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Famo.us Easter Egg April 2, 2014

Posted by willhlaw in API, Javascript, Mobile.
Tags: ,
1 comment so far

In Steve Newcomb’s FAQ: Tough Questions on Famo.us, he puts an Easter Egg for those patient enough to read to the end. I thought those that wanted to google for a quick translation might find this helpful.  Famo.us is a free and open source JavaScript development framework back by a host of cloud services.

Si vos vere postulo impetro in BETA mox steve@famo.us ad minim veniam. Sciam si vestrae res et faciam te in BETA possim.

April 9 Si ad res, in prima acie, simul te BETA.

— Using Google Translate from Latin to English (link) –>

If you really need to get the Beta as soon as steve@famo.us more information, I come. I am able to rest assured that if your situation and I will make of thee in beta.

April 9 On the real thing, in the front line, at the same time you beet.


Best way to speed up Javascript (specifically jQuery) load times November 12, 2012

Posted by willhlaw in Javascript, jQuery, Web 2.0.
Tags: , , ,
1 comment so far


The obvious way is to use a popular CDN, short for Content Delivery Network, such as Google’s. Dave Ward explains the reasons very well in his article, “3 reasons why you should let Google host jQuery for you” and his three main points are:

  1. Decreased Latency – CDN allows the download to occur from the closest server to the user.
  2. Increased Parallelism – The local web server can be serving up content while the other connection is pulling from Google.
  3. Better Caching – Since so many other sites are using Google’s CDN, the user may already have the jQuery or javascript file in their cache.

However, there is a caveat. What if the connection to Google goes down? Can your site survive without jQuery? It should, if you developed the site with a responsive design and progressive enhancement.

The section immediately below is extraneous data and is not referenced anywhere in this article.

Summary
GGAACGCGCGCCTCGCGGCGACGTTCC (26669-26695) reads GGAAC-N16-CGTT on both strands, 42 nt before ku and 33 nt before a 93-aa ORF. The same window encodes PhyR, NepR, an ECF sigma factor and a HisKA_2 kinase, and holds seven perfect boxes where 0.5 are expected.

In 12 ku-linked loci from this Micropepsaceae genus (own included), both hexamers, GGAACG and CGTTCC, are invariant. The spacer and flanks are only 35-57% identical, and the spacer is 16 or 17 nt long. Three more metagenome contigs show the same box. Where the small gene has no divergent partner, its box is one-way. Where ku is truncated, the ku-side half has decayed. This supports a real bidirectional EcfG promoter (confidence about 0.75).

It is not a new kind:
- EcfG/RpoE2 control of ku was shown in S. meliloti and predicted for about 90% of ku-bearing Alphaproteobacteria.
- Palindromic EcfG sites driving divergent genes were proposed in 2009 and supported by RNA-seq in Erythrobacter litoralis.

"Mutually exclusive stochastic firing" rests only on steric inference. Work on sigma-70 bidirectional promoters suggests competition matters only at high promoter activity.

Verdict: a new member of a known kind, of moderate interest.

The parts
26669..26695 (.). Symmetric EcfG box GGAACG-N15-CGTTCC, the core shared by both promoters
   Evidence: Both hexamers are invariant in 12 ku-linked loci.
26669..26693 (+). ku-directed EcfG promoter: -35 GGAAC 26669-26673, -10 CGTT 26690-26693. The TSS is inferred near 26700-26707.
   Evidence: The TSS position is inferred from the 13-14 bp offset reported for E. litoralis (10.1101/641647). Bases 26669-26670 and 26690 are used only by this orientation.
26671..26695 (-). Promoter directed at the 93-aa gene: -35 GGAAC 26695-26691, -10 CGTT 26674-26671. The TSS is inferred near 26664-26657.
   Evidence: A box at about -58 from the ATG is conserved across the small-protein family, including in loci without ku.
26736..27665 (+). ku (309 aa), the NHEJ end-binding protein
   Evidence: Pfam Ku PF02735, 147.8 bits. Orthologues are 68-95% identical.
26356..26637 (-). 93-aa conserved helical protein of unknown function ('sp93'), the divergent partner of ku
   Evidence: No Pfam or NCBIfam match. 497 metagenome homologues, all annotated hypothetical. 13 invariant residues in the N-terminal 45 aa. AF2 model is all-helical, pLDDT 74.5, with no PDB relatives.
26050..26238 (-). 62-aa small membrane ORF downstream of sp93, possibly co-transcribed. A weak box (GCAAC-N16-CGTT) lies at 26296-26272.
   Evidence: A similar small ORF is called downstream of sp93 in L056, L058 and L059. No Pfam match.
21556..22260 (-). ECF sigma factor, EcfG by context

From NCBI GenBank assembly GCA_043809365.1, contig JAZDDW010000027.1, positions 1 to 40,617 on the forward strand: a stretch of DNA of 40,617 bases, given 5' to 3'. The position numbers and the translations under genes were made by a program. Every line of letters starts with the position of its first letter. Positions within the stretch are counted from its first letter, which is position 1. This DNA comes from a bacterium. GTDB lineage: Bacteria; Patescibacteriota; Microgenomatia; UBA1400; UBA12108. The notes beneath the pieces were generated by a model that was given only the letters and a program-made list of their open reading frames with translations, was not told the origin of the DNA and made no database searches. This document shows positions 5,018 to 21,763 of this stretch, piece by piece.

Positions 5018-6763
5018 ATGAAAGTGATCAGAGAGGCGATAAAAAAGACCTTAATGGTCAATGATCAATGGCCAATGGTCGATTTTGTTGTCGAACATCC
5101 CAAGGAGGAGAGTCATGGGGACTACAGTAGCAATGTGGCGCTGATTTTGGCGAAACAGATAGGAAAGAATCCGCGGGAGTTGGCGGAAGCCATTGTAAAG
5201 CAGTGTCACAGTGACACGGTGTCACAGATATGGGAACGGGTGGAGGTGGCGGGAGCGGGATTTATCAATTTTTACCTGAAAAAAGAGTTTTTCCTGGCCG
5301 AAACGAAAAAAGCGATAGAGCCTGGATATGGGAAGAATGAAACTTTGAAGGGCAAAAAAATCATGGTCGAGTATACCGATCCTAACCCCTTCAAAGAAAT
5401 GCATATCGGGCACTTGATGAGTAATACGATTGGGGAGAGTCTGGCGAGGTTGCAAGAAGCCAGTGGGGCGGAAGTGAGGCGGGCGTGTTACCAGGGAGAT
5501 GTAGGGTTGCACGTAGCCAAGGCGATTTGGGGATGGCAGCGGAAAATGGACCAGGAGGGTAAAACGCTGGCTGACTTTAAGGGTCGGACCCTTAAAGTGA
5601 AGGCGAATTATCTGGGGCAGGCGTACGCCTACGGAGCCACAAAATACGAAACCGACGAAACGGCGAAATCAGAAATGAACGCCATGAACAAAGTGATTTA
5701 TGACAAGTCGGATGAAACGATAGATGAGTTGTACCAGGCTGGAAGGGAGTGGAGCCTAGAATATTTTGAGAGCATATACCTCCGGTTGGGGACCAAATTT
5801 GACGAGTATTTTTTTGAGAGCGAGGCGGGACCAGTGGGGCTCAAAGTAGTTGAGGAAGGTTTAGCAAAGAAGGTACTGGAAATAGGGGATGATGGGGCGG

The answer is to fall back to a local copy (code sample below).

  1. Write a script tag that refers to Google’s CDN.
  2. Then in the next script fragment, check to see if the jQuery or some public variable from the javascript file exists.
  3. If the object does not exist, then dynamically write another script to the page that refers to the local file.
<!-- Grab Google CDN's jQuery, with a protocol relative URL; fall back to local if necessary -->
<script src="//ajax.googleapis.com/ajax/libs/jquery/1.5.1/jquery.js"></script>
<script>window.jQuery || document.write('<script src="js/libs/jquery-1.5.1.min.js">\x3C/script>')</script>

I learned this concise technique while watching a Twitter Bootstrap 101 tutorial (kudos to David Cochran for the great videos) that referred to this best practice that appears to have come from the HTML5 Boiler Plate project.

By the way, the numbers (from Pingdom) support Google as being most likely the best CDN to use.

CDN performance numbers

Trailing commas problem in IE prototypes October 27, 2009

Posted by willhlaw in Debugging.
Tags: , , , ,
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If I knew about this when I first got started with jQuery and the jPoint Project last year, it would have saved me some hours off my life. When writing prototypes in Javascript, do not include a comma after the last function.